Turning Leaf began as a volunteer effort in 2011 as a response to the lack of services for current and former inmates in Charleston, SC. Amy Barch moved to Charleston in 2010 and began looking for meaningful volunteer opportunities to continue her work in jail education and transitional services for former inmates. What she found was a huge gap in local services. Amy approached jail officials and asked that she be allowed to run a volunteer program for inmates, called Impact of Crime. Turning Leaf was born when Amy ran her first class at the Charleston County Detention Center in April, 2011.
The project evolved out of a part-time volunteer effort and into Amy’s full time work after gaining recognition and traction in the community from 2011 – 2012. Attorneys and judges became aware of the class content and change in offender thinking and attitude as a result the Turning Leaf experience. Demand for the program was very high. Program graduation certificates were being taken into consideration during sentencing. Charleston County jail administrators reported better behavior among class participants. During this time, Amy lengthened the program and added an additional 50 hours of cognitive behavioral therapy to the curriculum. The Impact of Crime program evolved into Turning Leaf.
2013 – 2014
By the time Amy began discussions with the Public Defender’s Office, the Solicitor’s Office and the Charleston Police about using the program as an alternative to prison, hundreds of inmates had been enrolled in the program. In April 2014, three years after the program’s inception, 11 men were sentenced to Turning Leaf in lieu of prison. In addition to 75 hours of programming inside the jail, the men were provided supportive services and educational classes upon their release. Turning Leaf had officially made the leap from a jail-based program into a true reentry effort.
2015 marked two major events for Turning Leaf. One was the opening of the Turning Leaf Center. This is home base, where all of the participants come for education and support after release. The second was a job training partnership with the City of Charleston. All Turning Leaf students left jail with a guaranteed temporary job with the City. Our goal was for the men to have what they need to be successful after incarceration – a network of support, the thinking skills to make good decisions and employment. Twenty-seven men were sentenced to Turning Leaf in 2015 as an alternative to prison.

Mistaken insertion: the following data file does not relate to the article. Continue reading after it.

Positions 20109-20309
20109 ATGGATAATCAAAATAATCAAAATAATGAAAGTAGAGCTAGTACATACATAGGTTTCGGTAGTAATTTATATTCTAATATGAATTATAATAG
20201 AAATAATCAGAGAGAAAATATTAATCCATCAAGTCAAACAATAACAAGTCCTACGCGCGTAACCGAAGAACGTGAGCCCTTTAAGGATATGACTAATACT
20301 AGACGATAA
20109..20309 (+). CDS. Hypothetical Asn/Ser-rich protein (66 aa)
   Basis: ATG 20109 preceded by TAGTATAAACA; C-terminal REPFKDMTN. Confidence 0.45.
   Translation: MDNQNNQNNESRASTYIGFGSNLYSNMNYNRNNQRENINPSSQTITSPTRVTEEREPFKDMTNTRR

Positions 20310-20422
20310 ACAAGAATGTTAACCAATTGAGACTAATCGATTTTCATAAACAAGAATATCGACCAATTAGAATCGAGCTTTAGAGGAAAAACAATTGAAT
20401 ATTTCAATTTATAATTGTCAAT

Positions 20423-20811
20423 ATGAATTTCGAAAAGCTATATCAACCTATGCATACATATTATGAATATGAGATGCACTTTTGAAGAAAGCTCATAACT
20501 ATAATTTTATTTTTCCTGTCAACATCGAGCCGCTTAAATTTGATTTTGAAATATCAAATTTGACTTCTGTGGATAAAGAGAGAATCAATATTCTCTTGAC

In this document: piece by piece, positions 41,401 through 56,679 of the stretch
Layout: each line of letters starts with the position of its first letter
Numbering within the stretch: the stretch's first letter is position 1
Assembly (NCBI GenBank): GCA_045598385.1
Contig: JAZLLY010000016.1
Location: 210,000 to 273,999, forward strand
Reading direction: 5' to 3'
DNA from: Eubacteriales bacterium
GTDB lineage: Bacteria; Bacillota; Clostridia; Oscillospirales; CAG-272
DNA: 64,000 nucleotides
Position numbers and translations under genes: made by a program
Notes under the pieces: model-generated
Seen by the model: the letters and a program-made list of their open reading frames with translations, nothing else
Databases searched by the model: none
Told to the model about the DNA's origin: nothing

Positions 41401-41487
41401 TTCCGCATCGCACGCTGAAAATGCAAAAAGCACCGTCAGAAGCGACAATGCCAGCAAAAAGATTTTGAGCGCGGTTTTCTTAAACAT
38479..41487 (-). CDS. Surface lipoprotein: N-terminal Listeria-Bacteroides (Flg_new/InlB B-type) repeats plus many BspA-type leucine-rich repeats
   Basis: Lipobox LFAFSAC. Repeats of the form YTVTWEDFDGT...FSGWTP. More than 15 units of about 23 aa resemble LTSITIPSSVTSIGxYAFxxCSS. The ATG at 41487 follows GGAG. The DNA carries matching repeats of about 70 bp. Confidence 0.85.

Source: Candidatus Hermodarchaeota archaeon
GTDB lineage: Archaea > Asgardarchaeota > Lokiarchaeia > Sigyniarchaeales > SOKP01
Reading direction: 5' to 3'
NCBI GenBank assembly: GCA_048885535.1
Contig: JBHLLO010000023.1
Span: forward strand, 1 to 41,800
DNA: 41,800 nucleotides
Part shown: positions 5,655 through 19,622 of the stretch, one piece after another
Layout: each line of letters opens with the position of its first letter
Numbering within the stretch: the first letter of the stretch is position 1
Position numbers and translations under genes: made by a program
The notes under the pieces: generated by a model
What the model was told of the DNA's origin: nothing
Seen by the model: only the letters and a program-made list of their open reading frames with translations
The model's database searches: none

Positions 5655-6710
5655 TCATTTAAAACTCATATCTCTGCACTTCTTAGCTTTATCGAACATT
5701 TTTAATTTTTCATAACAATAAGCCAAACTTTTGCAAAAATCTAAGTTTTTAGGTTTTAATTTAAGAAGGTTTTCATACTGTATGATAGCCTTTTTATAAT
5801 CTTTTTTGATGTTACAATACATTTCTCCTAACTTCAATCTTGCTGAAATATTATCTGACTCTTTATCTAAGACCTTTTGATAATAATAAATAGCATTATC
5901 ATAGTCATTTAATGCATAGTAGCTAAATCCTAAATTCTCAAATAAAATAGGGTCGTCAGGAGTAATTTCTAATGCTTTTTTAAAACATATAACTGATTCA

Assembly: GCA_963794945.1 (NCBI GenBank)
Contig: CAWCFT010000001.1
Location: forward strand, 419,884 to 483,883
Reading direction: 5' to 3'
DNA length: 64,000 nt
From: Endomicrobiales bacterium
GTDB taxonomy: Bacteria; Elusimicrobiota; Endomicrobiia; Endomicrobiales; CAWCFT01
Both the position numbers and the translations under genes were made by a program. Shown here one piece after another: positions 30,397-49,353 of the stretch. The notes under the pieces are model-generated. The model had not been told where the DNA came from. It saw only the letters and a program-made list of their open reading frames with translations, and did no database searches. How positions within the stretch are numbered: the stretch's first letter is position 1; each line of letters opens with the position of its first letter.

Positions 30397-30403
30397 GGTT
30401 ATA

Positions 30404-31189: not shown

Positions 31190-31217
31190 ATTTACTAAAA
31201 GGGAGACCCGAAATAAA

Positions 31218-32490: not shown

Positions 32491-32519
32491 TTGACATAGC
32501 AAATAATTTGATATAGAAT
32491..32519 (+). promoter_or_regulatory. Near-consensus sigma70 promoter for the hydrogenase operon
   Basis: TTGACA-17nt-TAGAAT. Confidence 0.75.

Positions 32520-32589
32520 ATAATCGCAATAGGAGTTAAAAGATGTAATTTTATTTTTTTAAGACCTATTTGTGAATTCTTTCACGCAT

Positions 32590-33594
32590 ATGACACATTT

By 2016 Turning Leaf had earned public accolades, acceptance by the criminal justice system and demonstrated an impact on changing patterns of criminal behavior in program graduates. However, there were reasons to be dissatisfied. As an alternative to prison program, we experienced a high number of dropouts after our participants were released from jail. Because the program was run as a closed-ended model, we were not able to fill those empty spots. Our services were subsequently inefficient and underutilized. In an effort to evaluate this and other challenges, we hired a consultant in January 2016 to facilitate a week-long strategic planning session. From the workshop we made a number of improvements to the program model.
We dedicated the remainder of 2016 to the execution of those improvements, including pivoting to a reentry rather than an alternative to prison program and modifying the curriculum to an open-enrollment model where new participants can begin every week. We hired a third staff member in June to provide case management services, and began enrollment into the newly designed program in July. Students were required to first complete a minimum of 100 hours of classes before job placement. We added the City of North Charleston on as a job partner.